House of Commons photo

Crucial Fact

  • His favourite word was person.

Last in Parliament October 2015, as Conservative MP for Northumberland—Quinte West (Ontario)

Won his last election, in 2011, with 54% of the vote.

Statements in the House

Life Means Life Act June 18th, 2015

Mr. Speaker, I want to advise you that I will be splitting my time.

Mr. Speaker, I say goodbye to this place wanting to thank everyone who makes our life better, everyone from yourself, to the table officers, to the people who make us feel safe, the security personnel around Parliament Hill, to the pages, to the folks upstairs who feed us, and to the folks who clean our offices. Everyone here has made my life better over the last nine years and has allowed me to do my job.

Now to the business of politics and why I am standing to speak to this bill. I had a speech, but it is too long; there is not enough time. However, I credit the Canadian people with seeing past all of the accusations that are being made with respect to this bill. As a government, we have accomplished a lot with the economy, a lot with social justice issues, which is what we are talking about here today.

We heard the other side say that it is a political stunt. This whole place is full of politicians and that is what we do.

In 2011, we had an election. In that election this party promised this piece of legislation, but we also promised other pieces of legislation. There comes a time when we have to put our money where our mouth is and we have to set priorities, something the third party's leader had trouble doing. We hear the opposition talking about all of the negativity. Canadians voted for a strong, majority Conservative government because of things like this bill, because Canadians were promised this legislation and that life would mean life. We heard the members across the way say that it does not meet the constitutional challenge. When we brought in the Charter of Rights and Freedoms, we opened a Pandora's box of challenges to the Constitution. Before that occurred, we had very few challenges to our Constitution. Now we have all of these challenges. Every Canadian knows that the Charter of Rights and Freedoms has been challenged from day one, from the beginning of it. Therefore, that is a rather spurious argument to say that it has to be charter-proof. There is no such thing in this country as charter-proof. There will always be someone who will challenge it.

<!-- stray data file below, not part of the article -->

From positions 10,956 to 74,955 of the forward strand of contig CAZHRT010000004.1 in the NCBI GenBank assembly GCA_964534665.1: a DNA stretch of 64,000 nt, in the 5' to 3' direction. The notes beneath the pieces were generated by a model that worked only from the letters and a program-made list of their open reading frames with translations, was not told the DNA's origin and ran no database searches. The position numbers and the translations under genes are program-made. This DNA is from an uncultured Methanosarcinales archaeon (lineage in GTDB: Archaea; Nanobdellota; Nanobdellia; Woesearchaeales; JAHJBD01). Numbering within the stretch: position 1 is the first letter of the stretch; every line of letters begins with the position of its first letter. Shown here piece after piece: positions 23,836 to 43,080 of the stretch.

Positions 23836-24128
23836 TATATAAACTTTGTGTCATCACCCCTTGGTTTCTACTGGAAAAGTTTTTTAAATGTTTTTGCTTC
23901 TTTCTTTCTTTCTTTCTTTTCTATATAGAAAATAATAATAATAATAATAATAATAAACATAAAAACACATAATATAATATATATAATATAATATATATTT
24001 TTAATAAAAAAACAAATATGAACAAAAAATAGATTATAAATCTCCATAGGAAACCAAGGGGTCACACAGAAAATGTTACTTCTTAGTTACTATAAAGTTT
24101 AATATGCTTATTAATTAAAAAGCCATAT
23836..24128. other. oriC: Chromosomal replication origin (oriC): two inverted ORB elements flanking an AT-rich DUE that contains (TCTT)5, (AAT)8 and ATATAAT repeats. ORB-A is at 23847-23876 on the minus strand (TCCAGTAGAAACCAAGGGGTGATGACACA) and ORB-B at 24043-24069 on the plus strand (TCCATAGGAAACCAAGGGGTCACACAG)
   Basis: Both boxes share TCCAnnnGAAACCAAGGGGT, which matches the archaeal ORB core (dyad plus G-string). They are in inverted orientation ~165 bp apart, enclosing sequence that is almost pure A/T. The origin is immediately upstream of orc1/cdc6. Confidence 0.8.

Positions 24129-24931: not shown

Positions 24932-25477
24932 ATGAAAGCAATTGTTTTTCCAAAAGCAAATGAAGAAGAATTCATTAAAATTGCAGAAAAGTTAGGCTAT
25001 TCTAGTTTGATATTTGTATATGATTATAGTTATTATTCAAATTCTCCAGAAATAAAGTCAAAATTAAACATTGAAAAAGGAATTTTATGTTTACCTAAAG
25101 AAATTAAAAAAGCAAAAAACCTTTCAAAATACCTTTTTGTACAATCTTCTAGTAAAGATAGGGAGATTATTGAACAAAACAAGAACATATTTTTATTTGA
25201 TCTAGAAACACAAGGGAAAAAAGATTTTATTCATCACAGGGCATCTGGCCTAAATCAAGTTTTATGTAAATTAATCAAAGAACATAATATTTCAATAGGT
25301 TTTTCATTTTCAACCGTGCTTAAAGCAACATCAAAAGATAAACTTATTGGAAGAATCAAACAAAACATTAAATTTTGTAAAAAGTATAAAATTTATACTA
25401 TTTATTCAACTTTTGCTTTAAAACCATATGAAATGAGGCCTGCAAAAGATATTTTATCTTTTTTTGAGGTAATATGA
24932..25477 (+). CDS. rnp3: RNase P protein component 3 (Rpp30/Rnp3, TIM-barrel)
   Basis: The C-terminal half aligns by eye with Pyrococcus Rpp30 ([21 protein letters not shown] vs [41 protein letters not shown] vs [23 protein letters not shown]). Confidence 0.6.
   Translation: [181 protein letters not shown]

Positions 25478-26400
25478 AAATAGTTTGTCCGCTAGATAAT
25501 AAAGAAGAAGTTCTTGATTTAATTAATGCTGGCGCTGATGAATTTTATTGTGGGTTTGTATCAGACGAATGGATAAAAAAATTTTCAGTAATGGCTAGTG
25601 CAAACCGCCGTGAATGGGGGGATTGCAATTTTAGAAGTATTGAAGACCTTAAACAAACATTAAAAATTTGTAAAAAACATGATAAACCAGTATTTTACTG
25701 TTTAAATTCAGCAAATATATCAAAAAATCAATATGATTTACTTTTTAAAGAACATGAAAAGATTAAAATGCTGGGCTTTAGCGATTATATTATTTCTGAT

We are delivering what we said we would deliver. We said we would bring in this piece of legislation, and we have. The opposition may by cynical in saying that it is in the dying days of the session. We are earning our keep here. We are doing the business of this country. We are doing things that we promised to do. That is why I leave this place a very proud member of Parliament, a very proud Conservative member of Parliament, because we have lived up to the things we have promised. I know my confreres leave this place knowing that what they said they would do they will do, and that will come true on October 19 also.

Life Means Life Act June 18th, 2015

Mr. Speaker, I am glad the parliamentary secretary mentioned other democratic jurisdictions in which elected officials provide clemency and have oversight. I can think of governors in various states in the United States, et cetera. This is not a new precedent that we are creating.